02 May Around the Web: A Week in Summary
A recent article from BusinessBroker.net entitled “The Best Time To Sell A Business” explains the fundamental qualities any business needs before it is salable.
Selling a business is a very personal decision and can be made for a number of reasons. However, despite your desire or maybe even need to sell, there are plenty of reasons why you may not be able to do so. Before taking your business to market, run through this simple checklist to determine if it’s even ready to be sold:
- The business is making a profit, and it has been for the past three years or more.
- Inventory is up to date and is not over or understocked.
- All equipment is in good working condition.
- You have a clear idea on different ways your business could grow when taken over by the new owner.
The most basic thing any buyer is going to be looking for in a business is a smart investment. Therefore, you need to make sure your business meets each of these four standards in order to attract a reliable buyer. For guidance and assistance in preparing your business for sale, reach out to your business broker or advisor.
A recent article from Axial entitled “5 M&A Advisors on What Sellers Worry About Most” shares the advice of several M&A advisors.
Selling a business is a major undertaking, often involving many questions, concerns and unforeseen roadblocks along the way. Both buyers and sellers have a team of professionals working on their behalf and both wind up with many questions. In this article, Axial asked five M&A advisors about the biggest concerns that they hear from their clients. The advisors each share the most common questions that they hear from both buyers and sellers as well as their best advice to both when it comes to the business for sale marketplace.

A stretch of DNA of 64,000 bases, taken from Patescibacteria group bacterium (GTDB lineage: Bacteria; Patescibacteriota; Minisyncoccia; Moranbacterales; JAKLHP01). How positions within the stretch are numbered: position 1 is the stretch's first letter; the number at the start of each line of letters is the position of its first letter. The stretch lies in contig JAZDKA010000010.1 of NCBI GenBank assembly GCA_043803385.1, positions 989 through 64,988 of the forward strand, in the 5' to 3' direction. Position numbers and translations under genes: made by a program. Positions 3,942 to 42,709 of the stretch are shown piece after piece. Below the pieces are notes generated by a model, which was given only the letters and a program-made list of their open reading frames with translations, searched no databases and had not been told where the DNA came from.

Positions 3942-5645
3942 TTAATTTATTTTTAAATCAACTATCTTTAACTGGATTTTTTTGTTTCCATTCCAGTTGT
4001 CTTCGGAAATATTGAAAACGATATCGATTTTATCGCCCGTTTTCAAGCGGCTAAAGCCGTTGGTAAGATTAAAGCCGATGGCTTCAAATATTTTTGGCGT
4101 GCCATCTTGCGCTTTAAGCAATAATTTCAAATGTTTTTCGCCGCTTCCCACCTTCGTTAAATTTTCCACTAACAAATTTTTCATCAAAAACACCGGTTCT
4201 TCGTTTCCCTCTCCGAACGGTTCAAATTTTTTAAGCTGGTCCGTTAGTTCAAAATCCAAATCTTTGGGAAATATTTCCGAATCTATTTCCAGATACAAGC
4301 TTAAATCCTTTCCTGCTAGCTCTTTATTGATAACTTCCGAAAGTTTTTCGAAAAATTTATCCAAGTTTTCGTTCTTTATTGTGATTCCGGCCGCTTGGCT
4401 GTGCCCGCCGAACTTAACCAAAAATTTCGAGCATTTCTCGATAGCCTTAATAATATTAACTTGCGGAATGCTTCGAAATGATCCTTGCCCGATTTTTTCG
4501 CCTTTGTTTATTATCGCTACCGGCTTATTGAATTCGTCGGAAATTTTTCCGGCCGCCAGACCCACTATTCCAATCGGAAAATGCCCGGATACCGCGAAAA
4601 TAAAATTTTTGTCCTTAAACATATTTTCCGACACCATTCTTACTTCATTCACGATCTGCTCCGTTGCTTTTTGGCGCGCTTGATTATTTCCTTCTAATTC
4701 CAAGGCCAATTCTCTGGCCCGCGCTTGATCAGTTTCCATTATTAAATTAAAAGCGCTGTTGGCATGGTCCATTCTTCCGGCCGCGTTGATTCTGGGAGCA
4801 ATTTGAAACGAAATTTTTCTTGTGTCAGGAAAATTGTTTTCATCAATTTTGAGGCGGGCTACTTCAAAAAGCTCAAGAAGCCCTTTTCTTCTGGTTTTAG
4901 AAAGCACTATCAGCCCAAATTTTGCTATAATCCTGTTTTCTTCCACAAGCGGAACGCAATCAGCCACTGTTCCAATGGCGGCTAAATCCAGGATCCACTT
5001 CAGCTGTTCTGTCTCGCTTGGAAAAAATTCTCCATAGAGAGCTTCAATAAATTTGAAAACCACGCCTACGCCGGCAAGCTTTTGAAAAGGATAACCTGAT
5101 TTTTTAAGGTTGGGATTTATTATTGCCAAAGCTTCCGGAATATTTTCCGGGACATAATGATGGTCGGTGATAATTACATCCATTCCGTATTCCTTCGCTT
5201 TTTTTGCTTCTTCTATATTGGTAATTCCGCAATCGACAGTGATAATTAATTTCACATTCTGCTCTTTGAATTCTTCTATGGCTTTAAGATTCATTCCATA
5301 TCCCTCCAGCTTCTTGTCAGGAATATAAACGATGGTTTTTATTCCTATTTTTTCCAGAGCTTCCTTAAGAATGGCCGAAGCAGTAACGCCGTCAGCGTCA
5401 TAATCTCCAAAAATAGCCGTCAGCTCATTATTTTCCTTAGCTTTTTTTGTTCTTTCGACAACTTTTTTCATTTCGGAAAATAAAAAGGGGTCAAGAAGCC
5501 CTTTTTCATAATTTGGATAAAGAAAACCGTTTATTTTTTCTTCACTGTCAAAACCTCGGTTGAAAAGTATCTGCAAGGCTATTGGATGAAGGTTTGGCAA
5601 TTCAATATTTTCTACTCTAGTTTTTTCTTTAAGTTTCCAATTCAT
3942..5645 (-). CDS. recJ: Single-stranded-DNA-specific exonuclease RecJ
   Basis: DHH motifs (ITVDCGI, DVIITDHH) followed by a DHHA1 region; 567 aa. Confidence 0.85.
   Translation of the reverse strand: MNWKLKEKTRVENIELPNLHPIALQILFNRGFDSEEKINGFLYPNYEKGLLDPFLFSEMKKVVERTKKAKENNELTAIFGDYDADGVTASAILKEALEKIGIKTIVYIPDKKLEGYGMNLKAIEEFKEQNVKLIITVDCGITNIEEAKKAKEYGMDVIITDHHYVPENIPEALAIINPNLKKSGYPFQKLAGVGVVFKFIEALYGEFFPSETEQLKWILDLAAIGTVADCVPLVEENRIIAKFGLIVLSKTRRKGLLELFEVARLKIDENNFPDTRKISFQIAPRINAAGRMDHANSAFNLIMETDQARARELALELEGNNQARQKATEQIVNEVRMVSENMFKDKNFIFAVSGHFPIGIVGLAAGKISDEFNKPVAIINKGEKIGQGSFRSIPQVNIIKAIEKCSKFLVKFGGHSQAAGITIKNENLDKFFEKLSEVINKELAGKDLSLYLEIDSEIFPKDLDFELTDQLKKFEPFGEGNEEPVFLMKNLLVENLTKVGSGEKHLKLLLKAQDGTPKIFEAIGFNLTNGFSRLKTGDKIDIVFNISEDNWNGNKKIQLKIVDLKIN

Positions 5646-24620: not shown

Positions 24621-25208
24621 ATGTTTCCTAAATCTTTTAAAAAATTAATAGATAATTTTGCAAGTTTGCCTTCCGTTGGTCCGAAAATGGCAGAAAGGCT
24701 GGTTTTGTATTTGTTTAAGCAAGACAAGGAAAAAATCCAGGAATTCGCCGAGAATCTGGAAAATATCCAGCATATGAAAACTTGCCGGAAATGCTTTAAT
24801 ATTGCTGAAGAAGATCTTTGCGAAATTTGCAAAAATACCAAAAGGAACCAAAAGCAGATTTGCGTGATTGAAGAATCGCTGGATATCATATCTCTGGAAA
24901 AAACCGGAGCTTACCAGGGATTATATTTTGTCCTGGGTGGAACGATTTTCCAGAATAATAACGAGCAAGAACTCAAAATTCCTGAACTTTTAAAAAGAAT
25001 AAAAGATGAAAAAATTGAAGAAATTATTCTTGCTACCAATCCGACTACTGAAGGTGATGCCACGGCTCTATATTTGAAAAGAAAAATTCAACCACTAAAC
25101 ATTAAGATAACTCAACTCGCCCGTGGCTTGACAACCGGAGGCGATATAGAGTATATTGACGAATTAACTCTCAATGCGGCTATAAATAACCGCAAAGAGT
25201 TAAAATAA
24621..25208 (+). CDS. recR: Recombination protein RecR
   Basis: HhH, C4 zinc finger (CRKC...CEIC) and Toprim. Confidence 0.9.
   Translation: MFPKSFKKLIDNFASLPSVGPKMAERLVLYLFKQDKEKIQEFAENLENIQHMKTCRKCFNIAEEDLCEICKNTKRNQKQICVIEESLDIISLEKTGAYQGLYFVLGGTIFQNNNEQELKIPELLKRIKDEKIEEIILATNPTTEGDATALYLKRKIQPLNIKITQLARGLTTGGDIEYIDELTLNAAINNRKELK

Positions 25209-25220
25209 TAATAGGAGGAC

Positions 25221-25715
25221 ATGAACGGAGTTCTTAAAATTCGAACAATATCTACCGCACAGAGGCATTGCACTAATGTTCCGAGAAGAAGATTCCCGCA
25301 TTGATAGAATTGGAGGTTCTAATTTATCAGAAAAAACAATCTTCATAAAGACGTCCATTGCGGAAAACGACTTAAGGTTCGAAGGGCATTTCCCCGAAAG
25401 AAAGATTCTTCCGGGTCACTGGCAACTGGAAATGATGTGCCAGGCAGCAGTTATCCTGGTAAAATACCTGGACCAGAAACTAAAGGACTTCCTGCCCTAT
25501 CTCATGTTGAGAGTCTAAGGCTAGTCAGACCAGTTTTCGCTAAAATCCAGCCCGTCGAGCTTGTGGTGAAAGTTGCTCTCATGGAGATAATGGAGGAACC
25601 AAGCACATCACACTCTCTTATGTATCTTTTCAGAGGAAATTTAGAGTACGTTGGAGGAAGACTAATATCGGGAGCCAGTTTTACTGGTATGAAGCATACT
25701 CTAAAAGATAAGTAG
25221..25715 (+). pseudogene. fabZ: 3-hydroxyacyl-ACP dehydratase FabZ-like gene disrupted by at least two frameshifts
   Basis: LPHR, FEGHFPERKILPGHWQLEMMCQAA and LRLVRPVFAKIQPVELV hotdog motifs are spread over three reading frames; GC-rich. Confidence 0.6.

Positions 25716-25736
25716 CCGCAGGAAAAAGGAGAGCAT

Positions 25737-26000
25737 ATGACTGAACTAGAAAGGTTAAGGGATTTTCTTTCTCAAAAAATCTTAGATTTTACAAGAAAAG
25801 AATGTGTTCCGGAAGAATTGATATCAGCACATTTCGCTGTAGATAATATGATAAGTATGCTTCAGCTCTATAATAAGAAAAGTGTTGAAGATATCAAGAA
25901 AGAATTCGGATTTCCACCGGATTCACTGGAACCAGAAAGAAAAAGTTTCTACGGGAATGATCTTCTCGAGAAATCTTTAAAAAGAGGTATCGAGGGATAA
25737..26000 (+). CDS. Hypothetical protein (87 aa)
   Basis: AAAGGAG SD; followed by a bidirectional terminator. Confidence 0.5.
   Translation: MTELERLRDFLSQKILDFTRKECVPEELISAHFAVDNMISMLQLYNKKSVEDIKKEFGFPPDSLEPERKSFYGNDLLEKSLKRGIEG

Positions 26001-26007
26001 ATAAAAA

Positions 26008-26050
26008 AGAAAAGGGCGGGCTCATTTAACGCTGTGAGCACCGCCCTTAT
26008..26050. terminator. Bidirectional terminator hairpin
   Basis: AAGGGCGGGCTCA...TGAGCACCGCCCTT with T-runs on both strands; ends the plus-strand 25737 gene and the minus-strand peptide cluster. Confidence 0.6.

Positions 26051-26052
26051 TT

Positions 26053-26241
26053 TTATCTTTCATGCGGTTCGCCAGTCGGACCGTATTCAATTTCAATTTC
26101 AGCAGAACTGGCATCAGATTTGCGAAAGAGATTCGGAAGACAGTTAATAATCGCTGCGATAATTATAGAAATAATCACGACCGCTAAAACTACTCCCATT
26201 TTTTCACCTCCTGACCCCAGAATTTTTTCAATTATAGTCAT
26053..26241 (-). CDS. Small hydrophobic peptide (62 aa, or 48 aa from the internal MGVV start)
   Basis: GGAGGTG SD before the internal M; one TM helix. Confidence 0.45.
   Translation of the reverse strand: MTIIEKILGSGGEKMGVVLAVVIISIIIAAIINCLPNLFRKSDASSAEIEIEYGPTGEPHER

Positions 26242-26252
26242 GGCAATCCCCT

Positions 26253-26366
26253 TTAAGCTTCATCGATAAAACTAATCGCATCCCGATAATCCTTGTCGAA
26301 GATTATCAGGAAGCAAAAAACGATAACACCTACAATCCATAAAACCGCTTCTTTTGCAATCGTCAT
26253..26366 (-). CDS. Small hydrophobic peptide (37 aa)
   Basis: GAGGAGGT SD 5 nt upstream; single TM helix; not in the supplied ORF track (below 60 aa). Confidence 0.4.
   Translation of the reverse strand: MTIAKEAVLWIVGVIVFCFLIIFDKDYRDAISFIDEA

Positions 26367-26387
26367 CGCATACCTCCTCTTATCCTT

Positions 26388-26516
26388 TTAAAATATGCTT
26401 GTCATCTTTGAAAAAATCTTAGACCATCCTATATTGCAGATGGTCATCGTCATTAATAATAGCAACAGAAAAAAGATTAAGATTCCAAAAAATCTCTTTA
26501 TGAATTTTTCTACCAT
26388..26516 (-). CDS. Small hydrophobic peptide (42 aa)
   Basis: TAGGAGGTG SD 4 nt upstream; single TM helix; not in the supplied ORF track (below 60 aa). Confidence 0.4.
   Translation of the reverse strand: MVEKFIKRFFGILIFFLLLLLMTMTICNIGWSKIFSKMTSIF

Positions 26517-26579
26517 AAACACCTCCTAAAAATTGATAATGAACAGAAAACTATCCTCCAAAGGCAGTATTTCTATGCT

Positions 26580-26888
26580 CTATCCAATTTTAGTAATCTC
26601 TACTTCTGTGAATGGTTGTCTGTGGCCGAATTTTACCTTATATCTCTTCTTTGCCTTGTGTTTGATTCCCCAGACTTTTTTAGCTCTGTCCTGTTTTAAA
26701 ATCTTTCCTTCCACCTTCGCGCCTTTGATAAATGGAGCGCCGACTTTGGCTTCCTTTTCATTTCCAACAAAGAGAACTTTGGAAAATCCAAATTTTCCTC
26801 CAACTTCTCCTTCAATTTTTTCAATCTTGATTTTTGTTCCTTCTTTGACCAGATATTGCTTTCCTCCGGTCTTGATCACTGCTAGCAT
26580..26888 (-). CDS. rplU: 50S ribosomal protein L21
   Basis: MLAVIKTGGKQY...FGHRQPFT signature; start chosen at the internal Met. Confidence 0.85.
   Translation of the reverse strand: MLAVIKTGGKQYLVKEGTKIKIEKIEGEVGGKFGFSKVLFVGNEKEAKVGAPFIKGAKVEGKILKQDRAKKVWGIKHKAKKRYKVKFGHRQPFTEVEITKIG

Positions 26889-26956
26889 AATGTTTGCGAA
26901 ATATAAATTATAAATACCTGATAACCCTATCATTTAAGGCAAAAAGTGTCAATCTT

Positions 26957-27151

A recent article from BizBuySell entitled “Number of Small Businesses Changing Hands Dips Slightly, But Market Remains Ripe for Buyers & Sellers” details the results of BizBuySell.com’s First Quarter 2019 Insight Report.
According to the report, the number of small businesses sold in the US has decreased in the first quarter by about 6.5% when compared to the first quarter sales of2018; a trend that mimics the first quarter reports from last year. Despite this first quarter dip, experts say that the market remains extremely active and overall business sales remain at a record high when viewing the year as a whole. Broker confidence remains strong that while the market may begin to slow down slightly, there will not be a significant or worrisome dip in sales. Between the low unemployment rate, record high profits being reported and unending wave of baby boomers reaching retirement age, nobody seems to be too worried about the tax changes and increasing interest rates that might otherwise threaten a healthy market boom.